The Roman Inquisition

The Roman Inquisition

Author: Thomas F. Mayer

Publisher: University of Pennsylvania Press

ISBN: 9780812246551

Category: History

Page: 376

View: 202

Few legal events loom as large in early modern history as the trial of Galileo. Frequently cast as a heroic scientist martyred to religion or as a scapegoat of papal politics, Galileo undoubtedly stood at a watershed moment in the political maneuvering of a powerful church. But to fully understand how and why Galileo came to be condemned by the papal courts--and what role he played in his own downfall--it is necessary to examine the trial within the context of inquisitional law. With this final installment in his magisterial trilogy on the seventeenth-century Roman Inquisition, Thomas F. Mayer has provided the first comprehensive study of the legal proceedings against Galileo. By the time of the trial, the Roman Inquisition had become an extensive corporatized body with direct authority over local courts and decades of documented jurisprudence. Drawing deeply from those legal archives as well as correspondence and other printed material, Mayer has traced the legal procedure from Galileo's first precept in 1616 to his second trial in 1633. With an astonishing mastery of the legal underpinnings and bureaucratic workings of inquisitorial law, Mayer's work compares the course of legal events to other possible outcomes within due process, showing where the trial departed from standard procedure as well as what available recourse Galileo had to shift the direction of the trial. The Roman Inquisition: Trying Galileo presents a detailed and corrective reconstruction of the actions both in the courtroom and behind the scenes that led to one of history's most notorious verdicts.
The Roman Inquisition
Language: en
Pages: 376
Authors: Thomas F. Mayer
Categories: History
Type: BOOK - Published: 2015-03-18 - Publisher: University of Pennsylvania Press

Few legal events loom as large in early modern history as the trial of Galileo. Frequently cast as a heroic scientist martyred to religion or as a scapegoat of papal politics, Galileo undoubtedly stood at a watershed moment in the political maneuvering of a powerful church. But to fully understand
The Business of the Roman Inquisition in the Early Modern Era
Language: en
Pages: 292
Authors: Germano Maifreda
Categories: History
Type: BOOK - Published: 2016-11-18 - Publisher: Routledge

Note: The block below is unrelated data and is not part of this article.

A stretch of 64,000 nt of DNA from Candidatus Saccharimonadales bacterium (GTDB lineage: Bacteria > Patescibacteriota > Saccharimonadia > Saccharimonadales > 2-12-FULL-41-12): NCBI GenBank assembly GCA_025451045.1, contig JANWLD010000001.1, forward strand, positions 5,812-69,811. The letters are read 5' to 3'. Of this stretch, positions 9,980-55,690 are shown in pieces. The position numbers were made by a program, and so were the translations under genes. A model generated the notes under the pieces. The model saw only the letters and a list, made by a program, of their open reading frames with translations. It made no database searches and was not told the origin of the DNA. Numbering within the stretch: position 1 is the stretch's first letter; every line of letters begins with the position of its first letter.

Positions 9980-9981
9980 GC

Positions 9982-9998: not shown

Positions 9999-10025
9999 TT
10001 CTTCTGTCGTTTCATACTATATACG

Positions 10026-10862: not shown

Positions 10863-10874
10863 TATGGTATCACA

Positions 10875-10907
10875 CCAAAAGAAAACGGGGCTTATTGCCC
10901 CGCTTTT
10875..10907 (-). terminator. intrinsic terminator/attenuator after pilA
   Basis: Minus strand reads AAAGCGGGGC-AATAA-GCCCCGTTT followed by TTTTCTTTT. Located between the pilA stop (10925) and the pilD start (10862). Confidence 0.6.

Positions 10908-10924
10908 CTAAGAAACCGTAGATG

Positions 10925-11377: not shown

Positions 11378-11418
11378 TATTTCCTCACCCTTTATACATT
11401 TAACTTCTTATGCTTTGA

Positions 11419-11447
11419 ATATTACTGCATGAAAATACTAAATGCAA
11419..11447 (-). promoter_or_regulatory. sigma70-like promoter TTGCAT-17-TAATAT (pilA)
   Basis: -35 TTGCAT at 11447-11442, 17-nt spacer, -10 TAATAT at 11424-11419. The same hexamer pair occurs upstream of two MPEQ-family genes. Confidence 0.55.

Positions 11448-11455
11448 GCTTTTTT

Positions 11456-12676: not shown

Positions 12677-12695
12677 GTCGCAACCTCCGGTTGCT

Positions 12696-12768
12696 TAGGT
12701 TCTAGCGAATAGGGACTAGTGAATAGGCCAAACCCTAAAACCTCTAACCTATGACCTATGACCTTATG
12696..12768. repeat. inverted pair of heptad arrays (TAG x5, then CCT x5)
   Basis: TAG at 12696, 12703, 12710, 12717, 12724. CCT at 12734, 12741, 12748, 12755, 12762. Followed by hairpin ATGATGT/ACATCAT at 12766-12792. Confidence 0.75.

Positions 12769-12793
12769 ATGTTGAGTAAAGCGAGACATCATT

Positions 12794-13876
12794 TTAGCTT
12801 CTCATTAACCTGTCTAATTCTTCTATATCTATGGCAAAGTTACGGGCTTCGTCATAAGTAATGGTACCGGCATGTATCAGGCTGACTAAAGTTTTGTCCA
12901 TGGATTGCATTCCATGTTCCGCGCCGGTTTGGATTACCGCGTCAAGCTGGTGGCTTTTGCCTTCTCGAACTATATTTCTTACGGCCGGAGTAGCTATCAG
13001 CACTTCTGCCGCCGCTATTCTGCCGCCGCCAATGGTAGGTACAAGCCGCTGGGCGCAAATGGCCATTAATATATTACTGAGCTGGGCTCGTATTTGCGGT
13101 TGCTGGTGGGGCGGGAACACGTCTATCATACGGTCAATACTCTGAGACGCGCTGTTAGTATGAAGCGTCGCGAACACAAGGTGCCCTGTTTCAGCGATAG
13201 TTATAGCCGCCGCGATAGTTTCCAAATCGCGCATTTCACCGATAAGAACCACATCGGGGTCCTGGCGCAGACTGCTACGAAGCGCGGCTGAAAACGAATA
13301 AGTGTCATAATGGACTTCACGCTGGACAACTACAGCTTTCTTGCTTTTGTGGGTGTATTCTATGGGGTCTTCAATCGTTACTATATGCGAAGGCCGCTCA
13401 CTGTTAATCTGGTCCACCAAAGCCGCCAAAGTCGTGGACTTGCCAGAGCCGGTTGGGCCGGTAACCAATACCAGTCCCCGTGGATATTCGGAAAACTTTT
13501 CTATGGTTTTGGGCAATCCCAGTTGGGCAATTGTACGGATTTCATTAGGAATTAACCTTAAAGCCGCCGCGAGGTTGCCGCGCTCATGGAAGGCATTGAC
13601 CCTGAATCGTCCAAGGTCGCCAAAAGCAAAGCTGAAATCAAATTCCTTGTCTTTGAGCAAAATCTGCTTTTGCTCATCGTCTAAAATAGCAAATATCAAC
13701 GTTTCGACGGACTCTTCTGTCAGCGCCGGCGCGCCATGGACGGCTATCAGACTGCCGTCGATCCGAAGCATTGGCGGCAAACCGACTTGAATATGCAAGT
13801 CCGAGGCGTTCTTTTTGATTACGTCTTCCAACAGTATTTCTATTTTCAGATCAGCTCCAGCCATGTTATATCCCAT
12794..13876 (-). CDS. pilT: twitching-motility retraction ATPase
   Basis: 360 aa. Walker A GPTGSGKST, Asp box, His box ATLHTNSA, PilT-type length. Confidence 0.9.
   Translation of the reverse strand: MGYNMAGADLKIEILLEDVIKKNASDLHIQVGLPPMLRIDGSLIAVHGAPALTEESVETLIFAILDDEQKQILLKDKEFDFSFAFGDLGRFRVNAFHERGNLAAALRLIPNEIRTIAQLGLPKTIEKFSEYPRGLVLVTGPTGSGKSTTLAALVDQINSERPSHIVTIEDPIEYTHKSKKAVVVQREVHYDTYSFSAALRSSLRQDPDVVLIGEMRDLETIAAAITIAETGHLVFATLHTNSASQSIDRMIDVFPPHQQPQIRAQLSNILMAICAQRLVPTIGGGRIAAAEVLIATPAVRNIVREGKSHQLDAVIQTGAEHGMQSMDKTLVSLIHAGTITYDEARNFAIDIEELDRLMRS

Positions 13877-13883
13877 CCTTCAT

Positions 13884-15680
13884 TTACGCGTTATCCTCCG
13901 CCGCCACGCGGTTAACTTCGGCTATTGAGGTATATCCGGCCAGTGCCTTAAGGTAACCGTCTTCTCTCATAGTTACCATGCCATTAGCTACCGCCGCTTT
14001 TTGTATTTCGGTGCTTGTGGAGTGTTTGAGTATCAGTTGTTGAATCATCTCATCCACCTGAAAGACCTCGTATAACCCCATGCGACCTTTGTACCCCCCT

Established in 1542, the Roman Inquisition operated through a network of almost fifty tribunals to combat heretical and heterodox threats within the papal territories. Whilst its theological, institutional and political aspects have been well-studied, until now no sustained work has been undertaken to understand the financial basis upon which it
The Roman Inquisition
Language: en
Pages: 381
Authors: Katherine Aron-Beller, Christopher Black
Categories: History
Type: BOOK - Published: 2017-01-28 - Publisher: Routledge

Works on the Italian Inquisition mainly focus either on institutional studies of the Roman Congregations of the Holy Office and of the Index as bureaucratic agencies or individual studies of Inquisitorial tribunals and their trial proceedings. The essays in this volume study aspects of the Roman Inquisition from both angles
The Roman Inquisition and the Venetian Press, 1540-1605
Language: en
Pages: 400
Authors: Paul F. Grendler
Categories: Religion
Type: BOOK - Published: 2015-03-08 - Publisher: Princeton University Press

One of the great European publishing centers, Venice produced half or more of all books printed in Italy during the sixteenth-century. Drawing on the records of the Venetian Inquisition, which survive almost complete, Paul F. Grendler considers the effectiveness of censorship imposed on the Venetian press by the Index of
The Roman Inquisition on the Stage of Italy, C. 1590-1640
Language: en
Pages: 368
Authors: Thomas F. Mayer
Categories: History
Type: BOOK - Published: 2013-12-26 - Publisher: University of Pennsylvania Press

Drawing on the Roman Inquisition's own records, diplomatic correspondence, local documents, newsletters, and other sources, Thomas F. Mayer provides an intricately detailed account of the ways the Inquisition operated to serve the papacy's long-standing political aims in Naples, Venice, and Florence between 1590 and 1640.